Rates as of 05:00 GMT
Yesterday was definitely a “risk-off” day as concerns about the delta COVID-19 variant hit investor sentiment.
Even countries where most of the people are vaccinated, like Israel, are seeing rising number of cases (albeit less severe ones). Until recently the markets had been celebrating the arrival of the vaccines, which it was assumed would end the pandemic and enable us to live happily ever after, like Prince Charming’s kiss. Now it seems that the wicked queen is back and spreading the poisoned apples again. If we have to go back into lockdowns and stop traveling etc etc that’s going to weigh on global growth prospects (see this week’s Weekly Outlook, due out later today, for more on this topic).
With growth prospects in question, US bond yields and inflation expectations fell further. Japanese Government Bonds (JGBs) and German Bunds also rallied, but French and Italian bond yields rose a bit – a sure sign of “flight to safety” out of the less-safe parts of the European bond market.
And stock markets around the world came off. Yesterday morning I mentioned that the STOXX 600 was within a whisker of its record high; it subsequently had its worst day of the year, down 1.7%. US stocks fell less though and were off their lows by the end of the day. The VIX index, a measure of fear in the market, also came off from its highs, indicating that people had calmed down a bit by the end of the day. But Asian markets are generally lower this morning, with a few exceptions (notably Hong Kong, +1.1%).
CHF and JPY gained, as one would expect on a “risk-off” day. The anomaly was USD. It seems that sometimes USD trades as a safe-haven currency and sometimes it doesn’t. Yesterday was one of those days that it didn’t. Perhaps what’s happening is investors who were funding carry trades with EUR closed out those trades due to risk aversion. That would account for the rise in EUR and fall in USD.
CAD was lower but outperformed the other commodity currencies as the oil market bucked the trend. The US Dept of Energy announced that crude oil inventories fell 6.9mn barrels in the latest week, the seventh consecutive weekly decline. At the same time, refiners supplied a record 10mn barrels of gasoline a day as demand for the summer driving season picked up. With demand increasing and inventories falling, prices rose.
US oil inventories are now below the normal range for this time of year, a far cry from last year’s excesses.
For today, I would expect to see some “mean reversion.” I think the signs are that markets have calmed down a bit – the Eurostoxx 600 futures are trading higher this morning. I would therefore expect to see a “reversal” day in the FX market, with the commodity currencies outperforming and JPY and CHF falling back.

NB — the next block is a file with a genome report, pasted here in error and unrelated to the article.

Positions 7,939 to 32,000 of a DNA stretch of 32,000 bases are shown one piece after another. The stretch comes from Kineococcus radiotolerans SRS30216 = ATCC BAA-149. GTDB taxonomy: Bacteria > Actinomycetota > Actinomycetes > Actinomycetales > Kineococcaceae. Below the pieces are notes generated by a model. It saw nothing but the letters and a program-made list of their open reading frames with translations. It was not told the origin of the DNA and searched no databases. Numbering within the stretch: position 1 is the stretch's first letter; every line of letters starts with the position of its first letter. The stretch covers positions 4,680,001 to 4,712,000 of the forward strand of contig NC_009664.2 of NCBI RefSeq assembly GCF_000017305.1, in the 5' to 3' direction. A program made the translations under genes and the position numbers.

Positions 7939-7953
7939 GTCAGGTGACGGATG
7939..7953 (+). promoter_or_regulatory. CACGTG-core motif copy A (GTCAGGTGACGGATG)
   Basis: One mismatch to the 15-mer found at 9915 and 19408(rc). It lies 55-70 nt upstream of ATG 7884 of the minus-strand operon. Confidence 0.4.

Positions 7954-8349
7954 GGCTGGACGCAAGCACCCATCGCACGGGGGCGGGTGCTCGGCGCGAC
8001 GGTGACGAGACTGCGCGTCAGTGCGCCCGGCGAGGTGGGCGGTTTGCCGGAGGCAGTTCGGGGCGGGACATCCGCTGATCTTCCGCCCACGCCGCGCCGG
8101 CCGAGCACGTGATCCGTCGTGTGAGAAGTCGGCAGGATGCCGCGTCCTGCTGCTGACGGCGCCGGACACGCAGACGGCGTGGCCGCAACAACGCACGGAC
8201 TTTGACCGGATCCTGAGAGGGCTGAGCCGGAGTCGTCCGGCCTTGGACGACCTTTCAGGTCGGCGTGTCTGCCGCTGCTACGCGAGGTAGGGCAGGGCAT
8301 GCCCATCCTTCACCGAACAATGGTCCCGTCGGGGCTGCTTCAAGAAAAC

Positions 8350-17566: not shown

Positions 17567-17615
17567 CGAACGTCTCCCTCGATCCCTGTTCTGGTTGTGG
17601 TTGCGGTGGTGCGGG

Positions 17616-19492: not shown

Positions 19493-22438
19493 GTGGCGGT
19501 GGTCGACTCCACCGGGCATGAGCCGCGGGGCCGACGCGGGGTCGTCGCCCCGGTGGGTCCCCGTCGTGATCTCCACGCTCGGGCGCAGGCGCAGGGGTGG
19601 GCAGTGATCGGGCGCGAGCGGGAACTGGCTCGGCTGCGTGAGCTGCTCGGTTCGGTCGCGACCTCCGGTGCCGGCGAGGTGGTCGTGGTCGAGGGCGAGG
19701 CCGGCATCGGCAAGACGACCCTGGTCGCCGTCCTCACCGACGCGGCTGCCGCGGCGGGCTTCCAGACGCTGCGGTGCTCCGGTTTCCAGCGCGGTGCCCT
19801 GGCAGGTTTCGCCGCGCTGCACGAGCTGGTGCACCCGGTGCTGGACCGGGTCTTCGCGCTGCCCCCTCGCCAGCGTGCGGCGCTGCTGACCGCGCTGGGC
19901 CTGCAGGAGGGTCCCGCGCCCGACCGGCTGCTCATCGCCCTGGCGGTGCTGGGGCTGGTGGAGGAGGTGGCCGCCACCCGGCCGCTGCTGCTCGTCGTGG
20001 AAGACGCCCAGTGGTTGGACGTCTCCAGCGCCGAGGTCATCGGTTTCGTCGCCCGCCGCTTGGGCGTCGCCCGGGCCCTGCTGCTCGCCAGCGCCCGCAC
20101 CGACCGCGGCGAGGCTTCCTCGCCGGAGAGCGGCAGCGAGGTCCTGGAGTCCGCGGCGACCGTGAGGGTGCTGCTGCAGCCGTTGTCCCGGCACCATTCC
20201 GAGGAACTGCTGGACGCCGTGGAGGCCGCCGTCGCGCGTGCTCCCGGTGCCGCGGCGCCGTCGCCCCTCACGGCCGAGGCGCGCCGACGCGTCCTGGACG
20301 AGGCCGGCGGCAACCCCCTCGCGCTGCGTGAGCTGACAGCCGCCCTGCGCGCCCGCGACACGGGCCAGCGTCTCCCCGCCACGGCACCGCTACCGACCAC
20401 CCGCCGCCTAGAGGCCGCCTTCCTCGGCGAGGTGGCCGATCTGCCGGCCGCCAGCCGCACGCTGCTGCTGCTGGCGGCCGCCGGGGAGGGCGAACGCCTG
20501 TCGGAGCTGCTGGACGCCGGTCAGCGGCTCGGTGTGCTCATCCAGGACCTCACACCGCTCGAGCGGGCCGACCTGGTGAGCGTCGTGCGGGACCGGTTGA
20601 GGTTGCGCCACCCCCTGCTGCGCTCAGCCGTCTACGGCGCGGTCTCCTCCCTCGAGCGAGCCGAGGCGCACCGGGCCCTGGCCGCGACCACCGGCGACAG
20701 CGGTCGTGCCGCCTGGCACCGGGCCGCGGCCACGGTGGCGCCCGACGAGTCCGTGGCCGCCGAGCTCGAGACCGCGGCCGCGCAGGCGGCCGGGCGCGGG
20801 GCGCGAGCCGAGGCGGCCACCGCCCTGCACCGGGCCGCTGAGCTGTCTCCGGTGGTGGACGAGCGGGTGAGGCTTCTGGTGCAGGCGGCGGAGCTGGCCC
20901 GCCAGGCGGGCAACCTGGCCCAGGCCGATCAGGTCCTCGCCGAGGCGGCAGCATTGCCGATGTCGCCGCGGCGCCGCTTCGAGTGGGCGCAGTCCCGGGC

Note: The table above is updated before publication with the latest consensus forecasts. However, the text & charts are prepared ahead of time. Therefore there can be discrepancies between the forecasts given in the table above and in the text & charts.
The UK GDP and industrial/manufacturing production figures are already out (the trade data will come out later, for some reason; usually they’re all released at the same time).
The figures that were released were generally disappointing.
The visible trade deficit is forecast to be little changed, but the overall trade deficit is forecast to widen somewhat but still be narrower than the six-month moving average. In short, the trade picture does not seem to be worsening for Britain despite the post-Brexit travails.
Today’s Canadian employment data may be important in setting the scene for next week’s Bank of Canada meeting. The number of jobs is expected to rise for the first time in three months.
…while the unemployment rate is expected to fall. This could encourage thoughts of a more optimistic Bank of Canada that would be positive for CAD, but of course any such impact could be swamped by the general risk appetite.
The G20 meeting will attract a lot of press, and there will of course be any number of bigwigs there giving press conferences or interviews. Yet the topics they’ll be focusing on aren’t the main issues for the FX market nowadays: corporate taxes, climate change, and vaccines. There may be some discussion about debt relief for emerging market countries, but not usually the ones whose currencies are actively traded by retail accounts. There will be a number of speeches and panel discussions on Sunday, including one with ECB President Lagarde on “green financing,” but these are probably not the major factors moving the FX market nowadays.
Monday morning, Japan releases its core machinery orders. These are an important indicator for Japan although for the life of me I can’t see why, because it’s so hard to discern a trend in them. This month it’s expected to be up, but that says nothing about what’s likely next month.